And in case anybody’s wondering: Generally, a three-section school is a building that has three classrooms for each grade level, such as Sunflower School; a two-section school has two classrooms for each grade level, such as Broken Arrow.
The task force recommended closing Wakarusa Valley. The school board plans to discuss the issue March 14, then conduct a formal public hearing March 28.
“Our proposal is actually very conservative, because we’re proposing (to close) one,” Johnson-Powell said, noting that there “was no right answer” about which school to recommend for closure.
Her worry: If the district doesn’t close a school, there will be pressure to increase class sizes even more for next year.
“I understand that everybody is tied to their building, but I am worried that if we raise the (teacher-student) ratio again, more harm will happen to the children,” she said.
The task force also supports seeking a bond issue that would address capital needs for elementary schools, and to pursue consolidating a list of six schools down to either four or three schools within three to five years. Schools suggested for consolidation consideration are Cordley, Hillcrest, Kennedy, New York, Pinckney and Sunset Hill.
Any talk of creating magnet schools, or charter schools, or any other form of “choice” schools in the Lawrence school district will just have to wait.
And only then if board members want to bring it up.
Monday night, board members heard a report from Rick Doll, district superintendent, outlining various options and pros and cons in considering school “choice.” The report came at the request of Rich Minder, board president, who previously has discussed prospects for a “dual-language immersion” school in the district, possibly in the current home of New York School if and when the school might be consolidated into a new building during the next three to five years.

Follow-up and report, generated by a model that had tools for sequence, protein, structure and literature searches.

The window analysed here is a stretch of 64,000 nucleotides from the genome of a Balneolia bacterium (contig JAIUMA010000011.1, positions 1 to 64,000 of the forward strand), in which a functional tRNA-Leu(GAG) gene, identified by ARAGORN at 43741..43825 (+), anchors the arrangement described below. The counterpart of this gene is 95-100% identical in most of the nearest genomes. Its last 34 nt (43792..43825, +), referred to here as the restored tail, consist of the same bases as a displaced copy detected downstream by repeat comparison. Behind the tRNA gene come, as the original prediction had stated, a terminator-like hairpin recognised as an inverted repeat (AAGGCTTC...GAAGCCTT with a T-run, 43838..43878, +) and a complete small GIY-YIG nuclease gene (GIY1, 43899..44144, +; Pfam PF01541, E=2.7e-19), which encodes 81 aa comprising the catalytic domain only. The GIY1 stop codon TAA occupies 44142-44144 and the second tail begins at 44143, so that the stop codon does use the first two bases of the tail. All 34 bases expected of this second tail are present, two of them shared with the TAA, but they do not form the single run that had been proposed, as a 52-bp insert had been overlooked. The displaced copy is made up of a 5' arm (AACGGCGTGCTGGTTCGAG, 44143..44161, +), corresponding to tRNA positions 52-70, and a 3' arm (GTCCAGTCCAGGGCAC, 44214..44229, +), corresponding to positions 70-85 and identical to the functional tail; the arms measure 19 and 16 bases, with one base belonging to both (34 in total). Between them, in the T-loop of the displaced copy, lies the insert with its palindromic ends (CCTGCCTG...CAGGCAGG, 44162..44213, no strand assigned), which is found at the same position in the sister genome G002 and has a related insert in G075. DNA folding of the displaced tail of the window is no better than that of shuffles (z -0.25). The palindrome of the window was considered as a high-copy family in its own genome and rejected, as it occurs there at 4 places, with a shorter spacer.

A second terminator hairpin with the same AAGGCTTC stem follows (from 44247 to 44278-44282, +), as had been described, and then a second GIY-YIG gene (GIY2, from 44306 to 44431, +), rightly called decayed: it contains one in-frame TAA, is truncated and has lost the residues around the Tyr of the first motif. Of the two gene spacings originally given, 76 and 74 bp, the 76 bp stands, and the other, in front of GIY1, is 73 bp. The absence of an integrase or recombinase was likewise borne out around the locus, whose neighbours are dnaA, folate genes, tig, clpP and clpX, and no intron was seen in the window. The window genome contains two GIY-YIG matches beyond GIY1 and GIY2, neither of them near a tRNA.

But the prospect of pursuing such school choice options — nearly a month before board elections, and four months before three or possibly four new board members will take office — failed to win support from Minder’s colleagues.
Especially with the district staring at a need to make an estimated $3 million or more in cuts to next year’s budget.
“It does take a little bit more,” Marlene Merrill, the lone incumbent board member seeking re-election, said of the likely financial needs for starting new programs, much less schools. “At this point in time, we don’t have that little bit more to put into it.”
Longtime board member Mary Loveland, who will leave the board in July, said that if an idea for a magnet, themed or charter schools was good enough for some students, such options should be made available to all students in every school.
“All kids should be exposed to everything,” she said.
Minder said that such a program would allow the district to pursue innovation that could make the entire district better.
Doll, for his part, followed up on a suggestion from board member Scott Morgan that the issue could be discussed by board members during their next annual goals-setting session. That would be possible after new board members are seated in July.